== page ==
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February 17, 2023 / Walt Disney Studios Canada

Starring: Paul Rudd, Evangeline Lilly, Jonathan Majors, Michelle Pfeiffer, Michael Douglas, Kathryn Newton, David Dastmalchian, William Jackson Harper, Katy O'Brian, Bill Murray

Directed By: Peyton Reed

Super-Hero partners Scott Lang (Paul Rudd) and Hope van Dyne (Evangeline Lilly) return to continue their adventures as Ant-Man and the Wasp. Together, with Hope’s parents Janet van Dyne (Michelle Pfeiffer) and Hank Pym (Michael Douglas), and Scott’s daughter Cassie Lang (Kathryn Newton), the family finds themselves exploring the Quantum Realm, interacting with strange new creatures and embarking on an adventure that will push them beyond the limits of what they thought possible.

Written By Darren

Rating 4.5 out of 5

Ant-Man and the Wasp: Quantumania kicks off Phase 5 of the Marvel Cinematic Universe with a bang, that despite a first act that takes its time to find its footing, is another fun and exciting entry thanks to the excellent performances of Michelle Pfeiffer and Jonathan Majors while setting in place the building blocks for the larger story at play in The Multiverse Saga.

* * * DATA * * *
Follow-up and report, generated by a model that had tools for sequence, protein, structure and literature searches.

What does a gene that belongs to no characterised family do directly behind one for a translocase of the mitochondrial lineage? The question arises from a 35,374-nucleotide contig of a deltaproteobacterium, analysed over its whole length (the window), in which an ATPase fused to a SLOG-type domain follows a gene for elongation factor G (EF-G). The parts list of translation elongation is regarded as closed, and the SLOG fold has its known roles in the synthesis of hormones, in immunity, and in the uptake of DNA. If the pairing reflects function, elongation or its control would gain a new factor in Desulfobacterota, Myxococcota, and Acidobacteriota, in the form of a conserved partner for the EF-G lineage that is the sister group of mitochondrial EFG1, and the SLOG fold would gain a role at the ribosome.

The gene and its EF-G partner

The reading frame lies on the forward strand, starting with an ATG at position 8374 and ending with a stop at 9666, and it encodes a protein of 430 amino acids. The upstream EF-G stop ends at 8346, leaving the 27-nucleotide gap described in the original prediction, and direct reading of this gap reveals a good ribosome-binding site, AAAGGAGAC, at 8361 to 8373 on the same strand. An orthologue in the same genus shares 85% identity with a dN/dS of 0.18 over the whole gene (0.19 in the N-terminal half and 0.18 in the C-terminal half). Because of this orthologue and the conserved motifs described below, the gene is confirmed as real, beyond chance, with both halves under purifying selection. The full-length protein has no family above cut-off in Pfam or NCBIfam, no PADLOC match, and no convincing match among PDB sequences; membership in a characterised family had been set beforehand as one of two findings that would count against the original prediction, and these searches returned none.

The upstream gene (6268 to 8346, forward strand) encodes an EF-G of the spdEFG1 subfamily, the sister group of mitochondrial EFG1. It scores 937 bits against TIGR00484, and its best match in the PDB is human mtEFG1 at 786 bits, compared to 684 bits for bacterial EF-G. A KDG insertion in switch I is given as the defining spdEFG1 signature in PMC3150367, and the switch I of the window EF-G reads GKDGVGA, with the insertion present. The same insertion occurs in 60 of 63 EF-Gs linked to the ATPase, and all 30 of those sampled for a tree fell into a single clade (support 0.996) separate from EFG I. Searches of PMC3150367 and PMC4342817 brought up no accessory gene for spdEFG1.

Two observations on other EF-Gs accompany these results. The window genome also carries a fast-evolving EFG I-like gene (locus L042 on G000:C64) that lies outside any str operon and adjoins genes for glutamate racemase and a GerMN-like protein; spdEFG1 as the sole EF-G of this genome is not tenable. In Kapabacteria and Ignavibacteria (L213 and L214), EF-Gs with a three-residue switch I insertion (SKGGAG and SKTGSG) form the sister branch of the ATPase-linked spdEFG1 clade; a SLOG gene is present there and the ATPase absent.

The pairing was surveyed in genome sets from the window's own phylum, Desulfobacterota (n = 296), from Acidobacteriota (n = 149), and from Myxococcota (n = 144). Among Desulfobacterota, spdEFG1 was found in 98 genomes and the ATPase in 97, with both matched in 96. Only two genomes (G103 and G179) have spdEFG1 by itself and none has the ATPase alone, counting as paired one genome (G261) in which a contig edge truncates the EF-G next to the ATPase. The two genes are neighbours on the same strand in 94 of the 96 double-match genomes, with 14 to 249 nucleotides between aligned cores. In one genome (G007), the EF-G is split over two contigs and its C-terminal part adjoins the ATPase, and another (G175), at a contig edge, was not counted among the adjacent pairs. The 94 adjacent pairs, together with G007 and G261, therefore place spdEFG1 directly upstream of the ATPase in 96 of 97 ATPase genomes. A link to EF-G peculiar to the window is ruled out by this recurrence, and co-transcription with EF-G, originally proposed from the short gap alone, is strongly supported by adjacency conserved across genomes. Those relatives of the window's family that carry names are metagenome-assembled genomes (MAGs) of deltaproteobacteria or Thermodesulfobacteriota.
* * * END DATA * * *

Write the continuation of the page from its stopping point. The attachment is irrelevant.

Kang the Conqueror has arrived. After briefly meeting one of Kang’s variants in the season one finale of Loki, audiences are treated to their first taste of one of the new big villains of the Marvel Cinematic Universe, and the results are terrifying. Few Marvel villains have made such an impression during the film, but every scene that Kang has, you can feel a chill go down your spine as you question if all of our heroes will make it out of this adventure alive. His presence alone easily makes Ant-Man and the Wasp: Quantumania the most important film to the larger story at play since Avengers: Endgame as it starts to tie together ideas and plot elements that were introduced in Phase 4 to build the way to the next Avengers film: Avengers: The Kang Dynasty.